Norsemen featured heavily in my childhood reading: mostly Henry Treece and some C. Walter Hodges, with a bit of Rosemary Sutcliff and Jill Paton Walsh. Looking back, this was probably because my mother bought books that linked into my history curriculum – I was home-schooled – but the early years of British history particularly attracted me. An odd word, that, ‘attract.’ I was aware their behaviour included enslaving, killing and robbing, but my books, fiction and history text books, were written for children and did not go into detail, and maybe as a child in a safe, loving home I didn’t really think about the horror faced by the men, women and children who suffered the fury of the Norsemen.
I will make my disclaimer again: I haven’t researched for this article beyond visiting the sites and reading the plaques carefully, so don’t treat me as a historian. I haven’t done extensive research into current thinking about Viking behaviour. What strikes me each time I visit a country inhabited by the descendants of this fearsome race is how civilised they are. The people are polite, kind, and more than tolerant of tourists who can’t speak their language, their streets are clean and their children well-behaved. Our visit to Oslo, and to the museum of polar exploration, only served to enforce this impression.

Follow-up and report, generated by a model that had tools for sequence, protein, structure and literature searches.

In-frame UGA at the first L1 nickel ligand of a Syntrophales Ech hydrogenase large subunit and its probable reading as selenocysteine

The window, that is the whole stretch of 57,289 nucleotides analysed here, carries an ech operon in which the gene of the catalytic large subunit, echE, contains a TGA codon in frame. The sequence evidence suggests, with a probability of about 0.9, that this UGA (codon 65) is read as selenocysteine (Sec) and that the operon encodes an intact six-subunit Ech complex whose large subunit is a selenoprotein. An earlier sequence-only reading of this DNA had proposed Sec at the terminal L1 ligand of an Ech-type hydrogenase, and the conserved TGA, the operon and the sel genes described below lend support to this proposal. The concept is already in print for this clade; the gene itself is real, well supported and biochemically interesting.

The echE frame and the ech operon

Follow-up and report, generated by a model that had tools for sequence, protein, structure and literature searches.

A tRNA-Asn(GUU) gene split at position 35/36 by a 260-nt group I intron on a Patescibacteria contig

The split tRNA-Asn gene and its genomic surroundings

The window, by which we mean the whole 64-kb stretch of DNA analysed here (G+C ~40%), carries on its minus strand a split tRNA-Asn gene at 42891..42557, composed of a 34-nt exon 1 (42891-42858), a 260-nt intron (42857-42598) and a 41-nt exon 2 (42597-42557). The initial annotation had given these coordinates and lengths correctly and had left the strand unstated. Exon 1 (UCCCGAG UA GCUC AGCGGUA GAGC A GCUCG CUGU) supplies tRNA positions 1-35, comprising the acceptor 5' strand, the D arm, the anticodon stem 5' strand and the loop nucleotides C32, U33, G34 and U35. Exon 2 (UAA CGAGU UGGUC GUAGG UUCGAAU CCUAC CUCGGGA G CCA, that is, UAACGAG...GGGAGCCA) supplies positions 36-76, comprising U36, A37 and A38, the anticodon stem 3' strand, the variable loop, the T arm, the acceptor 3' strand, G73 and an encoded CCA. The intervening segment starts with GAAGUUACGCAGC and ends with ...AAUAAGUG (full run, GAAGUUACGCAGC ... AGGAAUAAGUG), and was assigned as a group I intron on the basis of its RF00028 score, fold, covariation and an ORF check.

Oslo spreads itself round several harbours on a low shelf in the south of Norway. Its reach is wide, but from the promenade you can see wooded islands rising out of the water, and a trip to the end of the Metro line takes you to Nordmarka, the ‘city park,’ miles of mossy woodland where you can follow the broad track with families and dog-walkers or strike off into paths laced with roots and studded with slippery rocks. Autumn colours of yellowing leaves lightened the green.
The city centre itself is, to my untutored eye, a mix of 19c and 20c: apartments blocks with fine frontages in russet, caramel or dove grey; a few brutalist wonders; and the shining flanks of the Barcode, a set of modern towers that show the best of Scandinavian design. It positively rattles with museums, celebrating its history and culture. I’m going to run through some highlights in historical order, rather than in the order we saw them.
The Viking Museum took a trip out by bus to reach. Here, four burial ships are displayed proudly, with the goods that had accompanied the dead – yes, and some bones that survived of the two women buried in one of them. The boats are wide and shallow, the curve of their prows proud and graceful. Most of the excavated items were wooden, and often intricately carved, serpents weaving loops with warriors. Dragons? Yes, I found most of the dragon heads familiar to me from a childhood blessed with well-illustrated history books. There were two for a tent frame, one for a bedpost and four that astonished me for being so small. I’d always thought these fearsome carvings to be huge beasts designed for the prow head. Not one of these would have fitted on a shop, and the last four are thought to be meant for a burial rite, with metal rattles attached to them to clash and ring. Many of the goods were practical, including a milk churn for the two women. The dead weren’t going to go hungry, but I do wonder how the women felt when they woke up and realised that being dead only meant more housework.